How Sri Lankan banks are failing the production economy
By Shiran Illanperuma
There’s a famous saying that goes: “you need money to make money”. In modern market economies, the production cycle starts with a sum of money, which is converted into a commodity in the process of production. This commodity is later sold and converted into a larger sum of money than when the cycle began.
This basic process was what Karl Marx called the “General Formula of Capital” in Das Kapital. He expressed this with the formula M-C-M1, where M is the original sum of money, C is the commodity, and M1 is the total sum of money acquired once the commodity is sold. For Marx, who spent much of his life trying to understand capitalism, this process is what gives capitalism its dynamic ability to create rapid wealth and technological advancement.
European countries acquired M through conquest and trade surpluses from colonialism and mercantilism. But underdeveloped countries, many of them former colonies, do not have a ready-made hoard of M available to kick start this cycle of self-perpetuating capital accumulation. Rather than produce commodities, many underdeveloped countries simply trade raw materials in exchange for commodities.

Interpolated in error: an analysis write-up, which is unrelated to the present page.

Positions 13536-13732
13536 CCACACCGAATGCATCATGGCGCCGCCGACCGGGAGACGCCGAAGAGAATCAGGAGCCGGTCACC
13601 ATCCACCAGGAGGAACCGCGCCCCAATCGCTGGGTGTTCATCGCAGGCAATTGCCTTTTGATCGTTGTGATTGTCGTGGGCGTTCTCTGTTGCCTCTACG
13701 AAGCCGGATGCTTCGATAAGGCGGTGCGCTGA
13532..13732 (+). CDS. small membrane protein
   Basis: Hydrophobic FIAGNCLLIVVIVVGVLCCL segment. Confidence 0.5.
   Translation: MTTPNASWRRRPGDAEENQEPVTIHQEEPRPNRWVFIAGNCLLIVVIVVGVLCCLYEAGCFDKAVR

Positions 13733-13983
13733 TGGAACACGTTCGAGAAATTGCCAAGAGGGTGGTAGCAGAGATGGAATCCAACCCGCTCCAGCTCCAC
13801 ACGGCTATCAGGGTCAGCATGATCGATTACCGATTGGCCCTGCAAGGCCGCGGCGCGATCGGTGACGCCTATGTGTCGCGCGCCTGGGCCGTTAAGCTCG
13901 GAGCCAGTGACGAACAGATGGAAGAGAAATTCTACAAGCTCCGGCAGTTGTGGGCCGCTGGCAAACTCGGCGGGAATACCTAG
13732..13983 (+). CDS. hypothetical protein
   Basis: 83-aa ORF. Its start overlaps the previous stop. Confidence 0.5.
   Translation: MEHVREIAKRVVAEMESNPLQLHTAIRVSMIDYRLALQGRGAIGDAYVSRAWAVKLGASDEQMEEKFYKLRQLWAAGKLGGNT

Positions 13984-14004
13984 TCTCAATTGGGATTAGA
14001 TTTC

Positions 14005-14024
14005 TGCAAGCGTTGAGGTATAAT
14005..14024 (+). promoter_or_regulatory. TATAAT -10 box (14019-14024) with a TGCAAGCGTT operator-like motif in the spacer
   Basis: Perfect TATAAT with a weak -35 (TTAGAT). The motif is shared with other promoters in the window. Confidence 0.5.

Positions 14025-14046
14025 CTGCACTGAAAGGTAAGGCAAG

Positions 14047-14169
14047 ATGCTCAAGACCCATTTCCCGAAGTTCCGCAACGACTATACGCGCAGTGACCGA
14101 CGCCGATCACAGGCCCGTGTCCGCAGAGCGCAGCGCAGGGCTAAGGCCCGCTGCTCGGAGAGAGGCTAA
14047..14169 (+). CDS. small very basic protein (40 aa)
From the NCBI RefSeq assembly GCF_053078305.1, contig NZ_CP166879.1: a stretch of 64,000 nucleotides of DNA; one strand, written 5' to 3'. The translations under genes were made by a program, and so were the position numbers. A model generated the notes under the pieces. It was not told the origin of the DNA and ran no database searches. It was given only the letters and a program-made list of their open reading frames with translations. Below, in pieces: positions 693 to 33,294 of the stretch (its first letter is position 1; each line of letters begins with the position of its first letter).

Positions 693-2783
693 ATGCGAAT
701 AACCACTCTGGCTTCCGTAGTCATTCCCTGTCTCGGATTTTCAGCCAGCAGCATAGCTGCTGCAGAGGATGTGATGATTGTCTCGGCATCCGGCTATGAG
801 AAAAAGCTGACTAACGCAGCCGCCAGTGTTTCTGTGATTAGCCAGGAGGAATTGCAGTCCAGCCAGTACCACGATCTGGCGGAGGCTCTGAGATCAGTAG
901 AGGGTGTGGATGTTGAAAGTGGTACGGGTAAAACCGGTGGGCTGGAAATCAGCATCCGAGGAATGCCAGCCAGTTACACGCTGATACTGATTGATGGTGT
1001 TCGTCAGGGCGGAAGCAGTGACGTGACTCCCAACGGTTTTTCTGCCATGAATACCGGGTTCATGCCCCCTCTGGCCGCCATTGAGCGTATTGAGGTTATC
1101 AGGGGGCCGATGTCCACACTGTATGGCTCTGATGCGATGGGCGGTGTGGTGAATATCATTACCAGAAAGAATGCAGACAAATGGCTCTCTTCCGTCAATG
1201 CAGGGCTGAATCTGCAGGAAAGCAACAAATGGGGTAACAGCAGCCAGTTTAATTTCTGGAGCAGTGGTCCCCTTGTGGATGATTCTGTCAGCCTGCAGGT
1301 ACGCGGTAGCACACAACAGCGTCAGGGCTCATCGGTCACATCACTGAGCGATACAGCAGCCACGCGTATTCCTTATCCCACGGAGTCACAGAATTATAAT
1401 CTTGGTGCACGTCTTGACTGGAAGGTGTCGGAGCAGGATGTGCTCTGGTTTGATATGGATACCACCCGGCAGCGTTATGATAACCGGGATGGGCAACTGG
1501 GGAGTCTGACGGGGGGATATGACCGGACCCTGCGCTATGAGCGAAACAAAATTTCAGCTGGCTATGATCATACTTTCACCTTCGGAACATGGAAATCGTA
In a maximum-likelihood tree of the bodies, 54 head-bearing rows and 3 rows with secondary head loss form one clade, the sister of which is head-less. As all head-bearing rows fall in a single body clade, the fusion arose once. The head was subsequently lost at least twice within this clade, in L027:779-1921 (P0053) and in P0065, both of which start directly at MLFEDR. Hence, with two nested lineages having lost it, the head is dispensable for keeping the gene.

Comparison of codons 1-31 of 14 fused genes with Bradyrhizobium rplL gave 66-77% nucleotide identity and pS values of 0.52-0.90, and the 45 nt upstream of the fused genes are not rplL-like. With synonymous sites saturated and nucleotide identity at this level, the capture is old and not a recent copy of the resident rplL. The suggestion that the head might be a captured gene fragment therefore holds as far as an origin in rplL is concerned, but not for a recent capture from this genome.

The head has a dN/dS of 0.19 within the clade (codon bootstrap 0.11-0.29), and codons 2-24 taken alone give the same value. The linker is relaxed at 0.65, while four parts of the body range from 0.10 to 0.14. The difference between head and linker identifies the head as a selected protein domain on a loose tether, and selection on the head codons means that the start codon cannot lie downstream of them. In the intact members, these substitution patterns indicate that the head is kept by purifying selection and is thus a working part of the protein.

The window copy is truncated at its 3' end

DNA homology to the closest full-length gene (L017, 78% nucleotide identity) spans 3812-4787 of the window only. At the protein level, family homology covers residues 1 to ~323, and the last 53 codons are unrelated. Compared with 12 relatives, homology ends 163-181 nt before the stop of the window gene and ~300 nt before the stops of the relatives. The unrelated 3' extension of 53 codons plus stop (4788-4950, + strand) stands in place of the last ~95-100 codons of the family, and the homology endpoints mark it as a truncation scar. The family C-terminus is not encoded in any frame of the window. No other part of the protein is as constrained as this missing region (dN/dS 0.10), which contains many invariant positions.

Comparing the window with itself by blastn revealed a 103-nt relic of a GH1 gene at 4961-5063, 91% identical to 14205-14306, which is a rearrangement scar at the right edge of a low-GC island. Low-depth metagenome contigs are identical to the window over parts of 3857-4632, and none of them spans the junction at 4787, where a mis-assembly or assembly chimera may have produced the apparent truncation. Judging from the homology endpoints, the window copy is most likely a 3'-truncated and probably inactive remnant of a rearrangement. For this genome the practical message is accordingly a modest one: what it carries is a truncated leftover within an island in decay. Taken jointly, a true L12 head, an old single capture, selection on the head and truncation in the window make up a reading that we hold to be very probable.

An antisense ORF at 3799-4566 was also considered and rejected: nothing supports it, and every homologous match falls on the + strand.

This is where banks come in. Banks normally hold the savings deposits of workers (wages) and companies (profits and rents). However, they also play a role in provisioning credit which is used to lubricate the production cycle. In the absence of M, it is credit that kick starts the production cycle. Therefore, bank lending practices can influence the overall structure and stability of a market economy.
Figure 1 shows data from the 2020 annual reports of eight of the largest commercial banks in Sri Lanka, including state-owned Bank of Ceylon and People’s Bank, privately-owned Commercial Bank, Sampath Bank, Hatton National Bank and Seylan Bank; and NDB and DFCC – formerly state-owned development banks which were privatized.
The chart shows the percentage of each bank’s lending to “productive” sectors of the economy, namely agriculture and fisheries, manufacturing, and construction and infrastructure. Lending to “non-productive” sectors such as consumption, trade, tourism, and services in areas such as finance, healthcare, education and IT have been collapsed into one category and highlighted in yellow for the sake of simplicity.
Figure 2 depicts the sector composition of Sri Lanka’s GDP in 2020. At the outset, it is clear that there is a strong relationship between sector credit allocation in the top 8 commercial banks under study, and the sector composition of the Sri Lankan economy as measured by GDP.